The tibia (shin bone) is the larger, and major weight bearing bone, of the two lower leg bones. A tibial stress fracture is a complete or incomplete break that develops over time, usually as a result of repeated activity. It can occur anywhere within the tibia, but it is most common in the middle to lower one third of the bone.
Signs and Symptoms
- pain and tenderness in just one specific area of the leg
- worsening pain that develops over a period of weeks to months
- pain increases with impact activity (running or jumping)
- sudden increase in the length, intensity or frequency of physical activity
- extreme training with limited rest periods
- those who participate in high intensity training (military recruits, distance runners)
- previous stress fracture
- poor physical conditioning, including poor flexibility and weak calf muscles
- running on hard surfaces
- flat feet or high arches
- improper footwear or poor shock-absorbing capacity or worn-out equipment
- bone health issues or bony defects (including osteoporosis, tumors, cysts)
- metabolic disorders, hormone problems and nutritional disorders (anorexia, bulimia)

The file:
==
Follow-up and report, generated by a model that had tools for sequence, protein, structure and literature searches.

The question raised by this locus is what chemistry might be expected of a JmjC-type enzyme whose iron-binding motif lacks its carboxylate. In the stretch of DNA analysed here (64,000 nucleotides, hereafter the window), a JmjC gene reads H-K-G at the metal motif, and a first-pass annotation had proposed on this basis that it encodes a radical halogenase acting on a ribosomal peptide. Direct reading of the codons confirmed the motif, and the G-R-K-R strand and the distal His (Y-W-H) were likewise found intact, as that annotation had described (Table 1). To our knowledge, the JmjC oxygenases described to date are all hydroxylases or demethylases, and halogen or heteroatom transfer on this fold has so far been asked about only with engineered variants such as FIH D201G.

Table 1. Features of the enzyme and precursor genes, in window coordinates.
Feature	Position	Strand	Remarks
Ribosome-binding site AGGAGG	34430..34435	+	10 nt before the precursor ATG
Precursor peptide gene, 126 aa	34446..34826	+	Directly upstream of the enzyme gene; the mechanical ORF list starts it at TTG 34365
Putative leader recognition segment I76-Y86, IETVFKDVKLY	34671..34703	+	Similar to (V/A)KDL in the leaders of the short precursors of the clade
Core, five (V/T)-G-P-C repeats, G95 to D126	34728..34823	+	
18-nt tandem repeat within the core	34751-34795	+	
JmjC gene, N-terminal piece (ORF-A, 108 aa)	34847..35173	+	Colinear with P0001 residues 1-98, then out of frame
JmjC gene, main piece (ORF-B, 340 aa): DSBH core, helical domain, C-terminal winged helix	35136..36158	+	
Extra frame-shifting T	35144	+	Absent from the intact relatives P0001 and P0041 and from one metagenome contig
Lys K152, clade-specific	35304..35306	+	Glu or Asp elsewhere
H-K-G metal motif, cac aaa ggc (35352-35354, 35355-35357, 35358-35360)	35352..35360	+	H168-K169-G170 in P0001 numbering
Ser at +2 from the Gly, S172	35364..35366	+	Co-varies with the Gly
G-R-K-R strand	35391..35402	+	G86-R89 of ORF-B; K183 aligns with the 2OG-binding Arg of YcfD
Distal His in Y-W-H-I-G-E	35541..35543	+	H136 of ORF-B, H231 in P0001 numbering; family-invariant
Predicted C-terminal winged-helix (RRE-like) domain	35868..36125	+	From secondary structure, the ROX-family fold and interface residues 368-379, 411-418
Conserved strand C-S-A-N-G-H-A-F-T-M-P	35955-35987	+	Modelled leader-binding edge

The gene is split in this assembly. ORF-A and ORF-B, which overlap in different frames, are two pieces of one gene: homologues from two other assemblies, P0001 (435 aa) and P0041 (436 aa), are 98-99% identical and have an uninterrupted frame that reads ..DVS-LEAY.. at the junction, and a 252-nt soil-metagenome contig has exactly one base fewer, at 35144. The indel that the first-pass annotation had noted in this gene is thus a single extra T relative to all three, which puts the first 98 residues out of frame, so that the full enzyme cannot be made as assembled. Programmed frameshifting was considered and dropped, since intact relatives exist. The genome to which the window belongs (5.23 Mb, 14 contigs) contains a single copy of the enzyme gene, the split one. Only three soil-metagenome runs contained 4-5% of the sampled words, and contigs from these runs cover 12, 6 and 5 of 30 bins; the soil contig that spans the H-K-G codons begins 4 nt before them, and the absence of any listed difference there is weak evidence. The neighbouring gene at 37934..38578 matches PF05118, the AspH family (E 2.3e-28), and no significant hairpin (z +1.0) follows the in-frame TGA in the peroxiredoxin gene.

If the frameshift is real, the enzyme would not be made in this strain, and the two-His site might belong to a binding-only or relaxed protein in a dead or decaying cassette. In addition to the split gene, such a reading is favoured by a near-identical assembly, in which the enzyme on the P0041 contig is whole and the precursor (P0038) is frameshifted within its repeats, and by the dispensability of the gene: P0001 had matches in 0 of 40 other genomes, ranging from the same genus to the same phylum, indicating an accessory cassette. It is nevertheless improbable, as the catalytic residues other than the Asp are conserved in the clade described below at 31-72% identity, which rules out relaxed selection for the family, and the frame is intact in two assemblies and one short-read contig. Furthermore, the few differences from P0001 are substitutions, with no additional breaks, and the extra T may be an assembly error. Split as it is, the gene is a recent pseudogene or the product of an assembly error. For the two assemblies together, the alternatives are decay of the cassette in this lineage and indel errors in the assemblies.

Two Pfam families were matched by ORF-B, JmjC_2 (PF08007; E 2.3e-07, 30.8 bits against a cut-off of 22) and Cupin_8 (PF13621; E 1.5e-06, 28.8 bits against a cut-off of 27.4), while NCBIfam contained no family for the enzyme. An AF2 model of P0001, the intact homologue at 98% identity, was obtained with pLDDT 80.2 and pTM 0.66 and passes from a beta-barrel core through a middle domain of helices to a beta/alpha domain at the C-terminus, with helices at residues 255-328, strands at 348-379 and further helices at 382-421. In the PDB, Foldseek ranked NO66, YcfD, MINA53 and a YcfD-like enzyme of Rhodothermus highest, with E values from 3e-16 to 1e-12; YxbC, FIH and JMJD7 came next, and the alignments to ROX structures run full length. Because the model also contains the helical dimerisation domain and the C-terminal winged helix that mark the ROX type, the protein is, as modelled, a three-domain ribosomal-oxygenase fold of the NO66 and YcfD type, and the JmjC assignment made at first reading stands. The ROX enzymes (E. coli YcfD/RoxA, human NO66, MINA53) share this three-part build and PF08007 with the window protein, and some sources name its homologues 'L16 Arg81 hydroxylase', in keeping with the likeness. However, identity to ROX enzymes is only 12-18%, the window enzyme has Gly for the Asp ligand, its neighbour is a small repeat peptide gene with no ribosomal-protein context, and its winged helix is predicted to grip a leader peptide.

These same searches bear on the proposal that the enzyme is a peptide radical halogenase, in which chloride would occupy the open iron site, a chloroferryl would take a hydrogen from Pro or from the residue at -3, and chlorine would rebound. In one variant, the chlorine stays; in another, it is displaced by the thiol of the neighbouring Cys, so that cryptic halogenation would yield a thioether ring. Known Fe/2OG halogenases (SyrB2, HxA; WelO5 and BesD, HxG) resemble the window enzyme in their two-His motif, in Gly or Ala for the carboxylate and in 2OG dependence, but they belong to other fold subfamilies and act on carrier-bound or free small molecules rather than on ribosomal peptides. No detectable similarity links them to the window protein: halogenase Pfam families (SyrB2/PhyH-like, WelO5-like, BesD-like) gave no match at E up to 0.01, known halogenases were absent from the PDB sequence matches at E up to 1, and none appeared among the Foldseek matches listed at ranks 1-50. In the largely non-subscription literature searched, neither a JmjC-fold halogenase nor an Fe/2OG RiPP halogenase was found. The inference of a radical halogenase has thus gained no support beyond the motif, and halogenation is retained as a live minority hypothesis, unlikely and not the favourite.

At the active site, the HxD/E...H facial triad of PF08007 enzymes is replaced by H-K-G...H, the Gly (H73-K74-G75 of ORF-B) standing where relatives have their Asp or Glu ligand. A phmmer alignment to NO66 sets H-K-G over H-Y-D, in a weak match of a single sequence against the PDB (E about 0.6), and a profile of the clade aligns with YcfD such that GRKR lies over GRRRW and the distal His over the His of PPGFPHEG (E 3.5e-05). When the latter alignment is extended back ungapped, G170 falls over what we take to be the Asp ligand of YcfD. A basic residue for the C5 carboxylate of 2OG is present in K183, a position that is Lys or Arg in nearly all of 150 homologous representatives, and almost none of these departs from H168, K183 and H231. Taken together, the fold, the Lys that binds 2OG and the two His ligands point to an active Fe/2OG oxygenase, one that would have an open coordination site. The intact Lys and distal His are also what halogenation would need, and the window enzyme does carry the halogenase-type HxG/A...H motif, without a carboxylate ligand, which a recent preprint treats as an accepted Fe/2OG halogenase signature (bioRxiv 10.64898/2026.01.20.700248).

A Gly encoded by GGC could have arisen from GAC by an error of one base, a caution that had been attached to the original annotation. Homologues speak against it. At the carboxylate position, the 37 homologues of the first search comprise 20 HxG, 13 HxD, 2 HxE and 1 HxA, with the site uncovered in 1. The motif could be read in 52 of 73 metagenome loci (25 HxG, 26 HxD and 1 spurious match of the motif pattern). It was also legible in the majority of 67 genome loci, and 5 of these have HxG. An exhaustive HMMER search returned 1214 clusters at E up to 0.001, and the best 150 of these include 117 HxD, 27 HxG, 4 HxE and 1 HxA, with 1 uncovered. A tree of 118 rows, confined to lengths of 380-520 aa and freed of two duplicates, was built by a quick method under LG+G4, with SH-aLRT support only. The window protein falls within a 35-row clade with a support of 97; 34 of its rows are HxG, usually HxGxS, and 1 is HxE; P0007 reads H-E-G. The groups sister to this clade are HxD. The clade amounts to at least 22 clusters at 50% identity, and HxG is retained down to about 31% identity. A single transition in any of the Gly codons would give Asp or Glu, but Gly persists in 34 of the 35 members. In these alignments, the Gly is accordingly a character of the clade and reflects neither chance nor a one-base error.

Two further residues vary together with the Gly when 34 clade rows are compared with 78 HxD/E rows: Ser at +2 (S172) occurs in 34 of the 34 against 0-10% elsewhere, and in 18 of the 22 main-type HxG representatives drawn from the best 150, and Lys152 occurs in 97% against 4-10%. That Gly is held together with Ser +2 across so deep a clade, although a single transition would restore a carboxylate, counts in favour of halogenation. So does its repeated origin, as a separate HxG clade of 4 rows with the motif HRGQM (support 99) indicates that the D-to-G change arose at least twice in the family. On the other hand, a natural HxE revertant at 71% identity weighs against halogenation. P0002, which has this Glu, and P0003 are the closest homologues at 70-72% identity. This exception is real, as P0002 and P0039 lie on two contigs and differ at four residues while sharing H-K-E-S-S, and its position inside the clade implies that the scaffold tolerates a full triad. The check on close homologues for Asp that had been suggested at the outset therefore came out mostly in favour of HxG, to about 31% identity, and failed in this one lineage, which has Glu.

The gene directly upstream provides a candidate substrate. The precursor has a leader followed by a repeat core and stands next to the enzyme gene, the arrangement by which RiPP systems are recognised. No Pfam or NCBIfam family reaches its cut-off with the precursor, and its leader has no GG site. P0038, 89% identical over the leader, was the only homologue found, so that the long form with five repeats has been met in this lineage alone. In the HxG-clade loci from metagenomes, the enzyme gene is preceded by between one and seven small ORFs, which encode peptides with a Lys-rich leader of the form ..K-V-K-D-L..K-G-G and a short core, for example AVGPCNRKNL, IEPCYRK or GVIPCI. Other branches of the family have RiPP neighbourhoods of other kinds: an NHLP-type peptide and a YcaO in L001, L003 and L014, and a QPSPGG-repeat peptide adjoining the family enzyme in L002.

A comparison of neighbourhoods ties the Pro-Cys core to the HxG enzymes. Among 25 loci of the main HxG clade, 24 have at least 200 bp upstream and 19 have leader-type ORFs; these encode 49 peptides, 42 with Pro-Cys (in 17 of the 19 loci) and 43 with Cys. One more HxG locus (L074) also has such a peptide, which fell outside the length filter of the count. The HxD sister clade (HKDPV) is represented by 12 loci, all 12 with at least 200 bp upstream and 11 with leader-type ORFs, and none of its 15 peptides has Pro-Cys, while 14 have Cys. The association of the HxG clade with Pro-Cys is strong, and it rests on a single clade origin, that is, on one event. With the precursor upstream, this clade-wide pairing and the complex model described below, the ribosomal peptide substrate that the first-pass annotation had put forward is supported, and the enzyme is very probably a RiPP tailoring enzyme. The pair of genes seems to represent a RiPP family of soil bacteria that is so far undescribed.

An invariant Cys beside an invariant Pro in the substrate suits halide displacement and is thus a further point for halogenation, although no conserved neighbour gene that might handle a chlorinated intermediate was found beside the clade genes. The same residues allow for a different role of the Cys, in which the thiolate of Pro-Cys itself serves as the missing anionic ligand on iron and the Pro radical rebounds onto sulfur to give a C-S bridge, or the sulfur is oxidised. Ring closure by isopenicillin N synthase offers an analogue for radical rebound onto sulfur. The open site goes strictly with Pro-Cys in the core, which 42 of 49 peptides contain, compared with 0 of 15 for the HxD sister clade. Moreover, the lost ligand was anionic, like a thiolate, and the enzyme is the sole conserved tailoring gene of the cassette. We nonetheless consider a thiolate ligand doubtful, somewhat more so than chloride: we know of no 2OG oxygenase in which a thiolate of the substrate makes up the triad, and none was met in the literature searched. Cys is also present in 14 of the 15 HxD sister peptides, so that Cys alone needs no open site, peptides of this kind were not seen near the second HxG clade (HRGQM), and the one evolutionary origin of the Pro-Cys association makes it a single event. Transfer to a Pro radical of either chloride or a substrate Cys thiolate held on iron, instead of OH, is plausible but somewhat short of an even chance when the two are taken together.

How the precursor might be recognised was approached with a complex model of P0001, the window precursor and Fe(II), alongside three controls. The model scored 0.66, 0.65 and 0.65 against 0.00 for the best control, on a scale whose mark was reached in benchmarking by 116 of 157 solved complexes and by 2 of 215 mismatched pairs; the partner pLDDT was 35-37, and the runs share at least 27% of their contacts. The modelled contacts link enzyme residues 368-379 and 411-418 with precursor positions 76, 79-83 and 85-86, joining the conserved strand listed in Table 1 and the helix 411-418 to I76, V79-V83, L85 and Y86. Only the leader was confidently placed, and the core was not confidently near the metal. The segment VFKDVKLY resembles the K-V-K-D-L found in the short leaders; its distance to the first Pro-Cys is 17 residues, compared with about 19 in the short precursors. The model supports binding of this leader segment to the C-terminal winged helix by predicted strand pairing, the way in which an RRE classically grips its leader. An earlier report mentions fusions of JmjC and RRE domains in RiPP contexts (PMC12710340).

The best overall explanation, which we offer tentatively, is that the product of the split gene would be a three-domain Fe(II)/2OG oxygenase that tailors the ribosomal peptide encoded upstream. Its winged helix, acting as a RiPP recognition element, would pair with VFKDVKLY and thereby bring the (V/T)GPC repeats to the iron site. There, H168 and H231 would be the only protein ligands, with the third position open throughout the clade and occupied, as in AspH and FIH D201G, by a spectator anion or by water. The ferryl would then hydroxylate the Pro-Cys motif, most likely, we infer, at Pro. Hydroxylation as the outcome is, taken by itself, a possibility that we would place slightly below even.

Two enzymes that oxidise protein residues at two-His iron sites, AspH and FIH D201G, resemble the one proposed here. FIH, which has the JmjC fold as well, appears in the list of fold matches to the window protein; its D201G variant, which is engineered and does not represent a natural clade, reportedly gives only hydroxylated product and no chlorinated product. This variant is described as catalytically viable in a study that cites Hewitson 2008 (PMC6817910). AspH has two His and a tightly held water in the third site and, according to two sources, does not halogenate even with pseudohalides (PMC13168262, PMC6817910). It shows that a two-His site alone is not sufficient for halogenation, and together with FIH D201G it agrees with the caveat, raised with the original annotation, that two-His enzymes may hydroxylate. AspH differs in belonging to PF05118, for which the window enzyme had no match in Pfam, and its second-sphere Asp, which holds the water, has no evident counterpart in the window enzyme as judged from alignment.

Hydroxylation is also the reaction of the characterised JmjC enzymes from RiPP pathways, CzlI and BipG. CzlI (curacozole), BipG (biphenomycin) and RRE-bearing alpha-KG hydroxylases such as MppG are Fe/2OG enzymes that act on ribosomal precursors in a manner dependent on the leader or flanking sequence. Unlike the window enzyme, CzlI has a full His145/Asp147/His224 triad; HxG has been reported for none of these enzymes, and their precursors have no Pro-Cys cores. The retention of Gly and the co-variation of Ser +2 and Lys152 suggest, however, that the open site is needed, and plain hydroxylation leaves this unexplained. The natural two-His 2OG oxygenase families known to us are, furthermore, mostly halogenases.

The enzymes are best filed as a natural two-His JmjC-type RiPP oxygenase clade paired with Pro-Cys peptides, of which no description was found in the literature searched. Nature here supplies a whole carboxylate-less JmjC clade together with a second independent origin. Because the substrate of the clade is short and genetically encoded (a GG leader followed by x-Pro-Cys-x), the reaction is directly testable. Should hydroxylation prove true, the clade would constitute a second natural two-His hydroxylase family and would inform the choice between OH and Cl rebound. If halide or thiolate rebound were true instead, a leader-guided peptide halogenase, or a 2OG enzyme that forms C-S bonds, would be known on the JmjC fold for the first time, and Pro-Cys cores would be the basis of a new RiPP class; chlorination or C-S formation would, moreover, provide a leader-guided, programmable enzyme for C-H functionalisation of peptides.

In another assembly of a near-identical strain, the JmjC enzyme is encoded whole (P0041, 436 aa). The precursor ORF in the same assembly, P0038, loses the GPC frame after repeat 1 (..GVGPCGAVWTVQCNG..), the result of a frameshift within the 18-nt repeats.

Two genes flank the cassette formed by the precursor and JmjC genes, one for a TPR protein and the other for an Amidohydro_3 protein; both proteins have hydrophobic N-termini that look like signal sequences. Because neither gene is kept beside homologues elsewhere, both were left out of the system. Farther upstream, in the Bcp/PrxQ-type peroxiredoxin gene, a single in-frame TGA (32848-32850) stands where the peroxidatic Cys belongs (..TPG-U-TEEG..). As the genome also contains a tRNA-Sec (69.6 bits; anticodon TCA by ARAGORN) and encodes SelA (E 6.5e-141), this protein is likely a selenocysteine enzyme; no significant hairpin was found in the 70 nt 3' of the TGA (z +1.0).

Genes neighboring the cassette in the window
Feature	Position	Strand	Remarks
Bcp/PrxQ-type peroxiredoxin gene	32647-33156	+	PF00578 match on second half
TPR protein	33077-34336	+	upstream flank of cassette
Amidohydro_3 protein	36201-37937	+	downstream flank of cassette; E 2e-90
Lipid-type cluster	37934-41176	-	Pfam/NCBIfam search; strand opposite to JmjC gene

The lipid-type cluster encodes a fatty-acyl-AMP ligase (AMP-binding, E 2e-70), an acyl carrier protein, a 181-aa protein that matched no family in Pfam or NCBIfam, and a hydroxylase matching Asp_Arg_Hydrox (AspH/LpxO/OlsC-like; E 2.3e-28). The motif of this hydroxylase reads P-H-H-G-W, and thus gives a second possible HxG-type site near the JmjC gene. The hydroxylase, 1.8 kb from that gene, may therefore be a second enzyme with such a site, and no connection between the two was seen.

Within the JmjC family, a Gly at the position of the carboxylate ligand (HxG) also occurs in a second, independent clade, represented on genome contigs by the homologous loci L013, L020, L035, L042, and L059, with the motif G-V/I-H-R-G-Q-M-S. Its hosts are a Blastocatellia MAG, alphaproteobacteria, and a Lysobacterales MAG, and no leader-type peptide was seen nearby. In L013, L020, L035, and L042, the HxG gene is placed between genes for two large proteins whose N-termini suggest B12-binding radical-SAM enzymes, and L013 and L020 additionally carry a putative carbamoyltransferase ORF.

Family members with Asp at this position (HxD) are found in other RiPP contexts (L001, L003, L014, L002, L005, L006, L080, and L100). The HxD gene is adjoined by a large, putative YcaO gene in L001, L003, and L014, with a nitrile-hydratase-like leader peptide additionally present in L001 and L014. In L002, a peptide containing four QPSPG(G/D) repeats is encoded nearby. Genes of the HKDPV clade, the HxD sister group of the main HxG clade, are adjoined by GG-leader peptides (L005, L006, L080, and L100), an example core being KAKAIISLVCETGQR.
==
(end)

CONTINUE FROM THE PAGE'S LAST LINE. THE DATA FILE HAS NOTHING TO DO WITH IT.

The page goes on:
- loss or irregular menstrual periods in females
- Anti-inflammatory medicines, such as ibuprofen (Motrin® or Advil®) or naproxen (Aleve®) may be recommended. Take these as directed by your health care provider.
- Other minor pain relivers, such as acetaminophen (Tylenol®), may be used.
- Use Cold
- Cold should be applied for 10 to 15 minutes every 2 to 3 hours and after any activity that makes symptoms worse. Use ice packs or an ice massage.
- Orthopedic Aids
- A boot, cast, brace or crutches may be used to protect the bones while healing.
- After a period of rest, rehab may be needed. This will help with flexibility and strength.
- Rarely, surgery may be needed for fractures at a high risk of not healing.
How to Prevent
- Do correct warm-up and stretching before practice or competition.
- Maintain suitable conditioning, leg and ankle flexibility, strength and endurance, and cardiovascular fitness.
- Use proper technique with training and activity. Gradually increase amount and intensity of training and activity. Modify activity level to ensure proper rest.
- Wear proper footwear (for example, change shoes after 300 to 500 miles of running).
- Correct hormonal, metabolic and nutrition disorders.
When to Call the Health Care Provider
Call your health care provider or the Sports Medicine team at 614-355-6000 if:
- symptoms get worse or do not improve in 2 weeks despite treatment
- new, unexplained symptoms develop, or there are side effects with drugs in treatment
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